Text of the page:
In two earlier posts I talked about my process for creating a quilt design starting from a photo. In this post, I’ll go through the process of actually making the quilt based on the final design (shown here).
With the strong circular element in the design, I knew it would be important for the grass shapes to line up exactly across the circle. Normally I prefer to make my quilts by piecing rather than some form of applique. I’ll often use Ruth McDowell’s piecing technique on a complex quilt. However, for this design, I thought that piecing would take forever and I wanted to complete the quilt fairly quickly since it was part of a class (“Inspired to Design” with Elizabeth Barton at Quilt University).
I decided to use raw edge applique since it would make the construction process go fairly quickly. I did this even though I generally hate the look of frayed edges. I wanted to start with the circle and the grasses inside it. I printed out the design on freezer paper and cut out all the individual grass shapes. I selected a dark green fabric for the circle, and using my value study for guidance, I picked greens for the grasses from my stash of my hand-dyed fabrics. I pinned these up on my design wall and evaluated the colors as I went along. Here’s a photo of the circle and the grasses pinned up.
Once I was happy with all the colors and placements, I carefully unpinned it from the design wall and sewed down all the raw edges.
The next step was to determine the color scheme for the remainder of the quilt. I experimented in Photoshop, putting the completed circle onto different color backgrounds.
I also pinned the circle onto some different fabrics to see the effect.
I decided I liked the gray-green background the best. I pinned that fabric up on the design wall, trimmed the circle and fused the center of it in place, and started selecting fabrics for the grasses. For these, I used fabrics with fusible web (Wonder Under) on the back since I wanted to ensure precise placement of the grasses next to the circle. I decided that I didn’t need to bother with making freezer paper templates — I’d just line up the fabric and trim it to fit, hiding the ends underneath the circle.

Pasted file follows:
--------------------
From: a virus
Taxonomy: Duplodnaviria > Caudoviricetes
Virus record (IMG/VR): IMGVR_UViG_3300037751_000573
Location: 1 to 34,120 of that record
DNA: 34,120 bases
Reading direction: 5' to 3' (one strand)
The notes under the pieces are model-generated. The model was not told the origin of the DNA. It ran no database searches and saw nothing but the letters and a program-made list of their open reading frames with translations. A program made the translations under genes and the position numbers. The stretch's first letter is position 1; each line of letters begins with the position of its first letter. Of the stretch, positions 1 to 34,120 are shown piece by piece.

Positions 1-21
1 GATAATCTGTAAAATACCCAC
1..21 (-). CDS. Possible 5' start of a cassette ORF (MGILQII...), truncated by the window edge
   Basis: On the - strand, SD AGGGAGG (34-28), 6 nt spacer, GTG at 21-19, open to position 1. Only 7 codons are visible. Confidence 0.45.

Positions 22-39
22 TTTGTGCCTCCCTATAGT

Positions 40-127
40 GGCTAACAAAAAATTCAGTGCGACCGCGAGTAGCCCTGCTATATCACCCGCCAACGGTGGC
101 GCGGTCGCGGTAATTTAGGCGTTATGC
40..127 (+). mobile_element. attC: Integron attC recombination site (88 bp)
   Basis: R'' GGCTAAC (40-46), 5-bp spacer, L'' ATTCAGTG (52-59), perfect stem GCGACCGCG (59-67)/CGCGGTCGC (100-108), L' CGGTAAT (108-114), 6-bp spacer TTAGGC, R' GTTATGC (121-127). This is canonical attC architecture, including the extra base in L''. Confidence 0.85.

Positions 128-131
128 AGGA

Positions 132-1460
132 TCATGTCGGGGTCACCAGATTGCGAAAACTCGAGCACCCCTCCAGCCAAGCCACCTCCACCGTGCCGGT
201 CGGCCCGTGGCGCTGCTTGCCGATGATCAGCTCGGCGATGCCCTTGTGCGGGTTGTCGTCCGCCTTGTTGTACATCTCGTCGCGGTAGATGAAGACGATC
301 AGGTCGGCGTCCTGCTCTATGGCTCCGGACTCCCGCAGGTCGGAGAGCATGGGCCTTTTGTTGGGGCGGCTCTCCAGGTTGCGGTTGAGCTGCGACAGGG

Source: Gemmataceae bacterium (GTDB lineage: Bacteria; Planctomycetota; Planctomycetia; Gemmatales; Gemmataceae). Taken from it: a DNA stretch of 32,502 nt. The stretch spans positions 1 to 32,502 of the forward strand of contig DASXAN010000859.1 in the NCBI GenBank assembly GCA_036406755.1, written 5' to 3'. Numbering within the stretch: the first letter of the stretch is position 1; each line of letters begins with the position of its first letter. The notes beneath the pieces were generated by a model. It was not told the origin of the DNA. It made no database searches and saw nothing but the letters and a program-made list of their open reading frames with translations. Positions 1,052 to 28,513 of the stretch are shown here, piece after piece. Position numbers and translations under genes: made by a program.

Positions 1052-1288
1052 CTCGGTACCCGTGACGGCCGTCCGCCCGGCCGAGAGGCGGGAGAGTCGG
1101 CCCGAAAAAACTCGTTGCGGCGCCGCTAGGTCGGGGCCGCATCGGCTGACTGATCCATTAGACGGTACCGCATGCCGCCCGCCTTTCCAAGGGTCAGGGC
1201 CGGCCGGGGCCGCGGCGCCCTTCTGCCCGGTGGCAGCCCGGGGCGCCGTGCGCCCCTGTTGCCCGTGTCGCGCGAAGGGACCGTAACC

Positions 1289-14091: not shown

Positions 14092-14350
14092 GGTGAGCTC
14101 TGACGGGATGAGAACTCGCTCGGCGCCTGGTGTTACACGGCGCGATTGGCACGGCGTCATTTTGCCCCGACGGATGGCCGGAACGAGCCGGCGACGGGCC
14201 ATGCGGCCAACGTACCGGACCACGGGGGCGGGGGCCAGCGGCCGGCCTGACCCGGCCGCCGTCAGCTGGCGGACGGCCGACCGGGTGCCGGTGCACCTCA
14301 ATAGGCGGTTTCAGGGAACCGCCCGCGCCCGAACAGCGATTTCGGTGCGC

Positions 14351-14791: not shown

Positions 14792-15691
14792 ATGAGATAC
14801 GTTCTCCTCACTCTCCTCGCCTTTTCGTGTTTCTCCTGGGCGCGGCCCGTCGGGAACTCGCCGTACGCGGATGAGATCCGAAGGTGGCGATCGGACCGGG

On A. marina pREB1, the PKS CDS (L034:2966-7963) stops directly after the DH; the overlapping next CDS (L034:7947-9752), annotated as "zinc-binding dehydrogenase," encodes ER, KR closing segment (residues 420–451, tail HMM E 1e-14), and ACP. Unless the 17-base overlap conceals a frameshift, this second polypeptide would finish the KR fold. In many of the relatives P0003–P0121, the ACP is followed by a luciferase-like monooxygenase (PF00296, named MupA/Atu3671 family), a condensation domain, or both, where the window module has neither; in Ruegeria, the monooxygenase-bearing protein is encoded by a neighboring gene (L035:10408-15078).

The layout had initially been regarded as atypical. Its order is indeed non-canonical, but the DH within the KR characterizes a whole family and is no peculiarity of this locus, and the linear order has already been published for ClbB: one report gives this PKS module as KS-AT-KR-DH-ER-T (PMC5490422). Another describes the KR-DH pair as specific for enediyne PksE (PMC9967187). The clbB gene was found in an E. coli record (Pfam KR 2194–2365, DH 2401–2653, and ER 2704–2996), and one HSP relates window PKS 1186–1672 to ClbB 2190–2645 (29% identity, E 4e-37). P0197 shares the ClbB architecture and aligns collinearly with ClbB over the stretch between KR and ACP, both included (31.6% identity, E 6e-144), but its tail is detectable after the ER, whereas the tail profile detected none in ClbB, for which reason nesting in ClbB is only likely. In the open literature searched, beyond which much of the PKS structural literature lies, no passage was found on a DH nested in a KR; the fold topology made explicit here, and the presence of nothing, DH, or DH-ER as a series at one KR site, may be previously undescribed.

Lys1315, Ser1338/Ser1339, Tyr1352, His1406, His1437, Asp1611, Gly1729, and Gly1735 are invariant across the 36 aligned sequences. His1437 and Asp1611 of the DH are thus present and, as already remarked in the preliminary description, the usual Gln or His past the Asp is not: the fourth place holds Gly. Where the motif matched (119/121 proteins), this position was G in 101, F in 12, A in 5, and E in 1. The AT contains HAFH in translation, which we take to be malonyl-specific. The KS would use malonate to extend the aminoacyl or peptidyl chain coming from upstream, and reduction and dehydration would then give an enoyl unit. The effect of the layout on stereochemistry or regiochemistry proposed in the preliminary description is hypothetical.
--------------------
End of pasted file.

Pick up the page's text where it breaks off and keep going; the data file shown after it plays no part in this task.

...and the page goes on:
I used mostly cool greens in the background, but added some warmer greens as well. Here’s an in-progress picture of the grasses pinned to the background. It was time for a critique before I went much further. Elizabeth gave me some great feedback that the areas indicated in red were too dark and thick and attracted too much attention.
I thinned out some of the grasses, using a lighter value green, and filled in more detail.
As I looked at this more, the area circled above still seemed too thick. Since I had sewn down the grasses in the circle rather than fusing them, I took the plunge and ripped out some of the stitches and carefully trimmed the thick grasses on the left side of the circle.
After a bit more trimming of some of the grasses, I was happy with the fabric and I fused all the pieces in place. I also sewed the edges of the grasses to keep them in place.
Now it was time to start the quilting. I wanted the quilting to add more depth to the scene. I used thread painting to create grasses ‘behind’ the fabric grasses, and then more quilting to echo these. The picture below shows some of this quilting.
After all the handling of the quilt during the quilting, the edges of the grasses were starting to fray and it was making me crazy. I finally decided I needed to satin stitch around all the grasses (a task I did not want to do). I trimmed the quilt and finished it with a simple facing technique, similar to this one by Jeri Riggs.
So, after all that, here’s the final version of Prairie Grasses. It’s about 33 inches wide and 27 inches high.
And here’s a detail view showing the quilting (and the satin stitching).
A man paints with his brains and not with his hands.
You can’t use up creativity. The more you use, the more you have. Maya Angelou